Oculopharyngeal muscular dystrophy (OPMD) is a rare, genetic, muscle-wasting disease that mostly strikes people in their 40s and 50s. The first symptoms of the disease are often an inability to keep the eyelids open, coupled with difficulty swallowing. As the muscles in the face and throat weaken over time, patients lose the ability to properly swallow food or water. In severe cases, OPMD patients die from choking or from infections caused by food getting into the lungs.

There are no drugs approved to treat OPMD currently, but on Tuesday, an Israeli biotech company,BioBlast Pharma (ORPN) , disclosed partial results from a small, mid-stage clinical trial showing a common sugar used for years to preserve frozen food and as a non-active stabilizer in other drugs might improve the swallowing ability of OPMD patients.

The sugar-turned-drug being developed by BioBlast is called Cabaletta. The phase II open-label study in OPMD was stopped early -- only one-third of the planned number of patients were enrolled -- because the Cabaletta data seen to date were so promising it was unethical to continue, said Dalia Megiddo, BioBlast's co-founder and chief development officer, in an interview Monday night.

BioBlast intends to meet with regulators at the U.S. Food and Drug Administration seeking clearance to advance Cabaletta into a phase III study in OPMD patients.

Megiddo and BioBlast CEO Colin Foster paint a very optimistic picture of Cabaletta's potential as an effective treatment for OPMD, but the data announced Tuesday are scant, cherry picked and hardly conclusive.

BioBlast shares closed Monday at $5.06 and with an overall market value of $74.9 million. The stock has lost 21% of its value so far this year.

The original design of the phase II study called for 74 patients with OPMD to be treated with weekly, intravenous injections of Cabaletta for six months. BioBlast only enrolled 25 patients into the study at two hospitals, one in Israel and the other in Canada. The results disclosed Tuesday came from an unplanned, interim analysis conducted on Sept. 1.

Since difficulty swallowing and ingesting food into the lungs puts OPMD patients at the greatest risk, BioBlast relied on a moving x-ray of the mouth and throat to measure if Cabaletta could improve the ability of patients to swallow (or avoid having food get into the airway).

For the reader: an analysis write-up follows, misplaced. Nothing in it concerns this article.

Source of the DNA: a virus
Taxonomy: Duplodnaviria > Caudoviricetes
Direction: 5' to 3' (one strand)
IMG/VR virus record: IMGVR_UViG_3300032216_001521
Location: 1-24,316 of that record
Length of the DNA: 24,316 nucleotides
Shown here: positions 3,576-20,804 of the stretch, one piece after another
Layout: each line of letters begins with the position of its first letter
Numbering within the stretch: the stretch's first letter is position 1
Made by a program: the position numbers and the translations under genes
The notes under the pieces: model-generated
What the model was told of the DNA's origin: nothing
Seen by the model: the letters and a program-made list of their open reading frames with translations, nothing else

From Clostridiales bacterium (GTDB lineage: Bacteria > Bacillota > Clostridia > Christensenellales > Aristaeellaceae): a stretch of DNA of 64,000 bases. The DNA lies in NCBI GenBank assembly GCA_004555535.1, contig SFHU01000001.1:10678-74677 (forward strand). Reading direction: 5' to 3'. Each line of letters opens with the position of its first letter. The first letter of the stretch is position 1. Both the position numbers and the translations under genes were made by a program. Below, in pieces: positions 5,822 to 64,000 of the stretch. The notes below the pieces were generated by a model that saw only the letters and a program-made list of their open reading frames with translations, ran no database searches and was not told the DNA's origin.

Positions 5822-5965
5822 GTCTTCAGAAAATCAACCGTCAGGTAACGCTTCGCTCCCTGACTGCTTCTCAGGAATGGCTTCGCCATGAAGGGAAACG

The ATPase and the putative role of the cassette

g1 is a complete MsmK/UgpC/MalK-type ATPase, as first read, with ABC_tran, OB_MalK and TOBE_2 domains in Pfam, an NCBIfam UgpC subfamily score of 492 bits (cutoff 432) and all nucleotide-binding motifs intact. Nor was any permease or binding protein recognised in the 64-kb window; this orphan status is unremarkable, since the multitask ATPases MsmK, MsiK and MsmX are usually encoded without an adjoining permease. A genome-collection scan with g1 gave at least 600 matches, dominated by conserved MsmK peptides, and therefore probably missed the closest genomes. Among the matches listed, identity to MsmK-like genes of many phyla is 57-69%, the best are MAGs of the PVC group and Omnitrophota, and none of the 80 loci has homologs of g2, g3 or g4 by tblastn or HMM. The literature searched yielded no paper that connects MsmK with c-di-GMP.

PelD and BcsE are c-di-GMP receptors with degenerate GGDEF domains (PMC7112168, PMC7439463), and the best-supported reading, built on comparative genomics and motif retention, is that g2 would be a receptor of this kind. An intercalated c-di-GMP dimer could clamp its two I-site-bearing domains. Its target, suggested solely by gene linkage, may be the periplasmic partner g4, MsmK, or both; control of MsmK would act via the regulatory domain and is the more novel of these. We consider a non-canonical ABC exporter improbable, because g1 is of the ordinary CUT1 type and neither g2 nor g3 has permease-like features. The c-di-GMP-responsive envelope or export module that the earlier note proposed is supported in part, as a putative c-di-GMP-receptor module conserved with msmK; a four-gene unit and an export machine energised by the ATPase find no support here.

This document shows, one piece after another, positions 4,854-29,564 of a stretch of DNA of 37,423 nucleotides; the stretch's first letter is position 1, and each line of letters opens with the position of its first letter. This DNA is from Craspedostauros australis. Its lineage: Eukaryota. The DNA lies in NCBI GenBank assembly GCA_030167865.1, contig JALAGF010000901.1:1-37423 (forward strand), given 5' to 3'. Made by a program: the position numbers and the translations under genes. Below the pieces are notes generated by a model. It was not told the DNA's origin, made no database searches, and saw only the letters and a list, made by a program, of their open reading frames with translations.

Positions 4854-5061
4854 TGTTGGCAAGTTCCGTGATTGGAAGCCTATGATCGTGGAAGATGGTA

On this efficacy endpoint, known as the Penetration Aspiration Score, BioBlast says 10 of 12 patients, or 83%, showed stabilization or improvements in swallowing ability following six months of treatment with Cabaletta.

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BioBlast enrolled 25 patients into the study, so why only results in 12 patients? In seven other patients treated in Israel, the moving x-ray taken at baseline didn't work, so BioBlast excluded them from the analysis. One patient died during the study. The data from the remaining five patients have not yet been analyzed, said Megiddo.

The mean and median improvements in Penetration Aspiration Score were not disclosed. Megiddo says these data are unimportant because the study enrolled so few patients. Instead, the difference in swallowing ability of individual patients at six months was measured against their own baseline scores.

The Penetration Aspiration Score is an eight-point scale, with the lower score correlated to better swallowing ability. Megiddo says four patients with stabilized swallowing had the same Penetration Aspiration Score at six months as they did at baseline. The six patients with improved swallowing after six months reduced their Penetration Aspiration Score by 1 or 2 points. The study had no control arm by which these results could be compared.

BioBlast intends to use the Penetration Aspiration Score as the primary endpoint of its phase III study.

Other measures of swallowing ability and muscle function used in the phase II study yielded mixed results in different and inconsistent numbers of patients.

Cabaletta is a form of the natural sugar trehalose, already approved by FDA as a food-safe ingredient. Trehalose is also used a non-active stabilizing agent in protein-based cancer drugs like Avastin and Herceptin. As a sugar, trelahose is broken down in the small intestine, so Cabaletta is formulated as an intravenous injection to bypass the intestine and deliver a therapeutic dose more effectively to muscles and nerve cells.

The genetic mutation which causes OPMD creates an unstable protein, PABPN1, which then collects in muscle cells instead of being removed. Bioblast believes trehalose, formulated as Cabaletta, acts as a stabilizer for the misshapen PABPN1 proteins, preventing the proteins from accumulating together and helping rid them from the body.

BioBlast has no composition of matter patents on Cabaletta since trehalos is a naturally occurring sugar. The company is developing Cabaletta based on method-of-use patents protecting the intravenous formulation for use as a drug.

Adam Feuerstein writes regularly for TheStreet. In keeping with company editorial policy, he doesn't own or short individual stocks, although he owns stock in TheStreet. He also doesn't invest in hedge funds or other private investment partnerships. Feuerstein appreciates your feedback; click here to send him an email.